|dc.description.abstract||From 1926 to 1973, hundreds of women travelled from Ireland to Britain each year to escape the shame of unmarried motherhood in their community. As previous scholars have shown, pregnancy outside of marriage was stigmatised for much of the nineteenth and twentieth centuries. This thesis offers an insight into a sample of these women’s experiences as revealed through the case files of welfare organisations, mother and baby home records and women’s testimonies.
Primarily, the thesis explores the assistance offered to Irish unmarried mothers by welfare organisations in Britain from 1926 to 1973. Women’s experiences are brought to the forefront and incorporate a wide range of issues, including the journey abroad, life within mother and baby homes, adoption and tracing, as well as the struggles of motherhood for those that kept their children.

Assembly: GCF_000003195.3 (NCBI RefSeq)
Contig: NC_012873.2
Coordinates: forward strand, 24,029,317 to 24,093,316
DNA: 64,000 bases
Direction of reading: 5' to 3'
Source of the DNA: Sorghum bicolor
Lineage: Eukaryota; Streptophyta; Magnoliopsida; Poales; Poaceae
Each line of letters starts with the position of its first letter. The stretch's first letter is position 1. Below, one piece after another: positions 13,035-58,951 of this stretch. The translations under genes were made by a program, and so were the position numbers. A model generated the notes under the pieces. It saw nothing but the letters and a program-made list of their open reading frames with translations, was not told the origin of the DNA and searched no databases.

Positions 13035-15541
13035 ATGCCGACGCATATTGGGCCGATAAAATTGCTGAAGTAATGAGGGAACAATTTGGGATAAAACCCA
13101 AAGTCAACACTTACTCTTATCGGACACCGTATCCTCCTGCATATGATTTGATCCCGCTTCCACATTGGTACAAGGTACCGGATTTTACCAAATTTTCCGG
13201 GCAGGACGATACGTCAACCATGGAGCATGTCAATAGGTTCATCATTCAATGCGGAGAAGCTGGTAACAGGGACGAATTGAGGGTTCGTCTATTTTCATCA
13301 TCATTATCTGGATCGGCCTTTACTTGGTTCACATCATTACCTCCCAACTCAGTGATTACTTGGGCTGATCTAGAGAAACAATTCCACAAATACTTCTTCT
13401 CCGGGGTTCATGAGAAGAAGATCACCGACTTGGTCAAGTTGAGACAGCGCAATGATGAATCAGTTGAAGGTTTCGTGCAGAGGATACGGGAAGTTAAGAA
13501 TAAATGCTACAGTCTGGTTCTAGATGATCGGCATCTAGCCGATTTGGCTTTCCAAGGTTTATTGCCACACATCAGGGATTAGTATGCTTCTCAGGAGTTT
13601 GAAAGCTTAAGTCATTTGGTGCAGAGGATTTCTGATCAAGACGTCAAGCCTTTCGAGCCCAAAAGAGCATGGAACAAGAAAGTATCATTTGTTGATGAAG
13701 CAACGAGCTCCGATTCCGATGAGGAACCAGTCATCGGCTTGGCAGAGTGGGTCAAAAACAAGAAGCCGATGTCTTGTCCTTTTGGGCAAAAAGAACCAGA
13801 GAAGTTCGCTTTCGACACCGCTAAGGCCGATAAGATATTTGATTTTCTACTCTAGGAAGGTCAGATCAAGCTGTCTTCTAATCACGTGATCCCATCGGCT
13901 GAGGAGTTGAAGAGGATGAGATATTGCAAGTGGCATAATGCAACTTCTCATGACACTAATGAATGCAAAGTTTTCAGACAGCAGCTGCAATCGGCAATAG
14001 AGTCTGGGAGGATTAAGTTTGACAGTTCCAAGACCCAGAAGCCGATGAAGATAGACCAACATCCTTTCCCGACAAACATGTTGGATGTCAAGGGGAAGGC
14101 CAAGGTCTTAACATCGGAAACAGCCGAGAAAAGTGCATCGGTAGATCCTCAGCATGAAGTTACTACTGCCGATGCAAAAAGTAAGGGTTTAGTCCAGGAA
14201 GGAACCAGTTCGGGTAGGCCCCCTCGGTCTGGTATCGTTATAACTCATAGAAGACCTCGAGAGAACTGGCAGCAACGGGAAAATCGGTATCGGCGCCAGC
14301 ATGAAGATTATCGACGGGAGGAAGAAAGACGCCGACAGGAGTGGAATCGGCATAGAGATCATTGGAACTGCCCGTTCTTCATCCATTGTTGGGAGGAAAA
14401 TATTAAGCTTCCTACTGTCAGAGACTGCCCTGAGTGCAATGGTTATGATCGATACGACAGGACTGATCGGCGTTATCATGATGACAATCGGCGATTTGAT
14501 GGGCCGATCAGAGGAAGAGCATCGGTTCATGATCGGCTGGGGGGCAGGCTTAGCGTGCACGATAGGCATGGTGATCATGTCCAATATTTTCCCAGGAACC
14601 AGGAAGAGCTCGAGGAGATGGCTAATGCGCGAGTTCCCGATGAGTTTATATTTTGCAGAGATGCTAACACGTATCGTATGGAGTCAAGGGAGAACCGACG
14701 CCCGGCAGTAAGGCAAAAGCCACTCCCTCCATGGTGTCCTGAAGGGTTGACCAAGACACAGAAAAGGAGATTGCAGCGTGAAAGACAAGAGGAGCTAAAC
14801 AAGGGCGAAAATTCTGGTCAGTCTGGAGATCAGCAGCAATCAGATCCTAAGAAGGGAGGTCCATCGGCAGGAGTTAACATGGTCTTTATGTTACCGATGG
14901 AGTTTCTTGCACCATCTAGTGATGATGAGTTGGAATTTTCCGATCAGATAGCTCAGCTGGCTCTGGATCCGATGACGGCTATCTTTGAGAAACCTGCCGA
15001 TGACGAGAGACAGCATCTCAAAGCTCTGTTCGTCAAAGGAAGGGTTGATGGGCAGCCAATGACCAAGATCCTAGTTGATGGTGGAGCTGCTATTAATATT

Additionally, it offers a comparative critique contrasting social welfare, maternity care, and the institutionalisation of unmarried mothers in Ireland, Northern Ireland, England and Scotland. It focuses on cities of high migrant populations: London, Liverpool, Birmingham and Glasgow. It examines underlining issues of class and collective responsibility and incorporates unmarried fatherhood which has not received much scholarly attention. It demonstrates that women often enacted a large degree of agency, be it from those who travelled for better institutional care abroad, sought affiliation orders, lobbied for unmarried mother’s allowance and used various resources in order to secure the best situation for themselves and their children. In addition, it scrutinises the changing perspective of single parenthood and developments in assistance, moving away from institutionalisation to financial support in the 1970s.||en_IE